Compound eye and ocellar structure for walking and flying modes of locomotion in the Australian ant, Camponotus consobrinus

Ajay Narendra*, Fiorella Ramirez-Esquivel, Willi A. Ribi

*Corresponding author for this work

Research output: Contribution to journalArticle

15 Citations (Scopus)
9 Downloads (Pure)

Abstract

Ants are unusual among insects in that individuals of the same species within a single colony have different modes of locomotion and tasks. We know from walking ants that vision plays a significant role in guiding this behaviour, but we know surprisingly little about the potential contribution of visual sensory structures for a flying mode of locomotion. Here we investigate the structure of the compound eye and ocelli in pedestrian workers, alate females and alate males of an Australian ant, Camponotus consobrinus, and discuss the trade-offs involved in optical sensitivity and spatial resolution. Male ants have more but smaller ommatidia and the smallest interommatidial angles, which is most likely an adaptation to visually track individual flying females. Both walking and flying forms of ants have a similar proportion of specialized receptors sensitive to polarized skylight, but the absolute number of these receptors varies, being greatest in males. Ocelli are present only in the flying forms. Each ocellus consists of a bipartite retina with a horizon-facing dorsal retina, which contains retinula cells with long rhabdoms, and a sky-facing ventral retina with shorter rhabdoms. We discuss the implications of these and their potential for sensing the pattern of polarized skylight.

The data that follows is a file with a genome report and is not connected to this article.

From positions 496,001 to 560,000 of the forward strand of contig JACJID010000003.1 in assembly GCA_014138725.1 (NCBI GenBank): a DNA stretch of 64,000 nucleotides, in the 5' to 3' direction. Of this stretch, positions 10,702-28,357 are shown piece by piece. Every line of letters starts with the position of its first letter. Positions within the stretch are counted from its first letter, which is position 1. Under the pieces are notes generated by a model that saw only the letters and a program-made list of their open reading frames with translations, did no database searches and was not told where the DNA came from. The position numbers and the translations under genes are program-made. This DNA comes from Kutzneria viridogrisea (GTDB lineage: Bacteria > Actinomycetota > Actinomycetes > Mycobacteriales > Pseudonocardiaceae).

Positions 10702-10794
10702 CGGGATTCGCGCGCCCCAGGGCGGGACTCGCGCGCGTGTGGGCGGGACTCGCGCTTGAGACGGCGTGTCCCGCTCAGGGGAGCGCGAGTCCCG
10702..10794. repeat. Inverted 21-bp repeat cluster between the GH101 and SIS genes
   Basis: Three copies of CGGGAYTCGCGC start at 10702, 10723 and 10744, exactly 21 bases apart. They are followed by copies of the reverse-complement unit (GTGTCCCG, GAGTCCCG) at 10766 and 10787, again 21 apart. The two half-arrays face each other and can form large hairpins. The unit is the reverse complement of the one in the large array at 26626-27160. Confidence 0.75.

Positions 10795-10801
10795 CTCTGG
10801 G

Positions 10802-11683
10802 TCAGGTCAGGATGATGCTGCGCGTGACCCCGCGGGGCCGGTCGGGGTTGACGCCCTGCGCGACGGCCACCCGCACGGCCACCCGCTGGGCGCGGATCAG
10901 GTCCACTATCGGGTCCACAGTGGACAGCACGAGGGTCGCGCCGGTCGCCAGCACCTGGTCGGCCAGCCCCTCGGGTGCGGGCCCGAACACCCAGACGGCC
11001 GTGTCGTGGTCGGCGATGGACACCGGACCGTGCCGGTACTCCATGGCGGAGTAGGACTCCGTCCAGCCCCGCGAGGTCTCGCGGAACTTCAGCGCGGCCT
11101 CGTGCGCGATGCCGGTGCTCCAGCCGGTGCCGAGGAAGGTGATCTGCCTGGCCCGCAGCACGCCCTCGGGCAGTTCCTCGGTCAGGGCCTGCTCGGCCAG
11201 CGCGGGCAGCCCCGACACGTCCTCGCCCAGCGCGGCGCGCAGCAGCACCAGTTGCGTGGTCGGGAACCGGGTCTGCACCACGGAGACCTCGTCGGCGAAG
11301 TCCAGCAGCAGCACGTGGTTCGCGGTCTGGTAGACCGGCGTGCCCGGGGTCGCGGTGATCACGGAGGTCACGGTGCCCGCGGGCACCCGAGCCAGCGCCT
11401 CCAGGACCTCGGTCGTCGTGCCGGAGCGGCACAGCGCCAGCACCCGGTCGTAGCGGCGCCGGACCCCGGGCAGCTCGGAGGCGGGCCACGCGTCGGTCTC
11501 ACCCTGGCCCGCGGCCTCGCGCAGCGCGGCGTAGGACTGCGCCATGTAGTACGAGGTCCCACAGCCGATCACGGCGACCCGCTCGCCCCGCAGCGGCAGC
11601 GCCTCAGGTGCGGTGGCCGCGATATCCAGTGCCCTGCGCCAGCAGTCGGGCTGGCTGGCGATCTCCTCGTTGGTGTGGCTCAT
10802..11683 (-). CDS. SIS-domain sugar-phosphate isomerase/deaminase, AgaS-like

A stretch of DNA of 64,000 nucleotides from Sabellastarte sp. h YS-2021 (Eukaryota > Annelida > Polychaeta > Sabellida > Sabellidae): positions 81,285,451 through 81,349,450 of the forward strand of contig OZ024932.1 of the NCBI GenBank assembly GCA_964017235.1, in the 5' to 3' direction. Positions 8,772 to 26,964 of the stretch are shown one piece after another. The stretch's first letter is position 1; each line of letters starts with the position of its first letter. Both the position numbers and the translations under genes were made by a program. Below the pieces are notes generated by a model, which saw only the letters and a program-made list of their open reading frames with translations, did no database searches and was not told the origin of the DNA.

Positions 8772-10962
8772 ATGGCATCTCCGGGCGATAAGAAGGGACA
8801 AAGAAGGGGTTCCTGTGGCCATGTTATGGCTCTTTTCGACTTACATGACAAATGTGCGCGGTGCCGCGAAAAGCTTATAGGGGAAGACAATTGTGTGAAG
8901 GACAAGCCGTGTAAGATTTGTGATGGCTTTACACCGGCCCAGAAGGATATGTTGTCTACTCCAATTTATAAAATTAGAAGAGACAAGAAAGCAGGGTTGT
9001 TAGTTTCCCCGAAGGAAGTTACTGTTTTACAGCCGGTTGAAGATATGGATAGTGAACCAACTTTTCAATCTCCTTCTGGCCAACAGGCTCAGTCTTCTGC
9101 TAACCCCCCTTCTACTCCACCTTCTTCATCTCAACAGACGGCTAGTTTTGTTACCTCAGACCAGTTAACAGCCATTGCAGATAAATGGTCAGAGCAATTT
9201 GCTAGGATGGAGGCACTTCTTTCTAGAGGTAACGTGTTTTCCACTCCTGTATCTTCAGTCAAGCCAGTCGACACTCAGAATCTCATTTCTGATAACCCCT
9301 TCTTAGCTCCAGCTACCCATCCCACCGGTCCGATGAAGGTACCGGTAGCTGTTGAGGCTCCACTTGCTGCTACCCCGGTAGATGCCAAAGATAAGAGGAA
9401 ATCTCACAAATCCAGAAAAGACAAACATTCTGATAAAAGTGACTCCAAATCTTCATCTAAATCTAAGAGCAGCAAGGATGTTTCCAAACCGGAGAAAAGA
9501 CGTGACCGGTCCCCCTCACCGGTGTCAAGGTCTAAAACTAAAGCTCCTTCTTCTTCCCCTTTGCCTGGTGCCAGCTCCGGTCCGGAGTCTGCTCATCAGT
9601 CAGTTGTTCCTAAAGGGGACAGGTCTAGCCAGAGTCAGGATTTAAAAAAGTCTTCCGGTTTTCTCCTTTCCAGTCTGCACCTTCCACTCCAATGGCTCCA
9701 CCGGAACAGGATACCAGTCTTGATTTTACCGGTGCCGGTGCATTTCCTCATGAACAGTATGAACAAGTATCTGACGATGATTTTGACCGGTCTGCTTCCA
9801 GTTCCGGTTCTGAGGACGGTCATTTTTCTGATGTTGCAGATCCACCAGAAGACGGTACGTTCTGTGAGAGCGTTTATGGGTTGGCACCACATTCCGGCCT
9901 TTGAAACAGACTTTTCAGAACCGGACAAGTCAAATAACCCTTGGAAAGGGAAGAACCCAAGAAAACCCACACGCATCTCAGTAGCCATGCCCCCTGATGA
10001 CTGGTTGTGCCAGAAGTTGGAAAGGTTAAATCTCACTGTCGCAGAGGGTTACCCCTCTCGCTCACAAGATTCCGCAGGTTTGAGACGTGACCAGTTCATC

Original languageEnglish
Article number22331
Pages (from-to)1-10
Number of pages10
JournalScientific Reports
Volume6
DOIs
Publication statusPublished - 15 Mar 2016

Bibliographical note

Copyright the Author(s) 2016. Version archived for private and non-commercial use with the permission of the author/s and according to publisher conditions. For further rights please contact the publisher.

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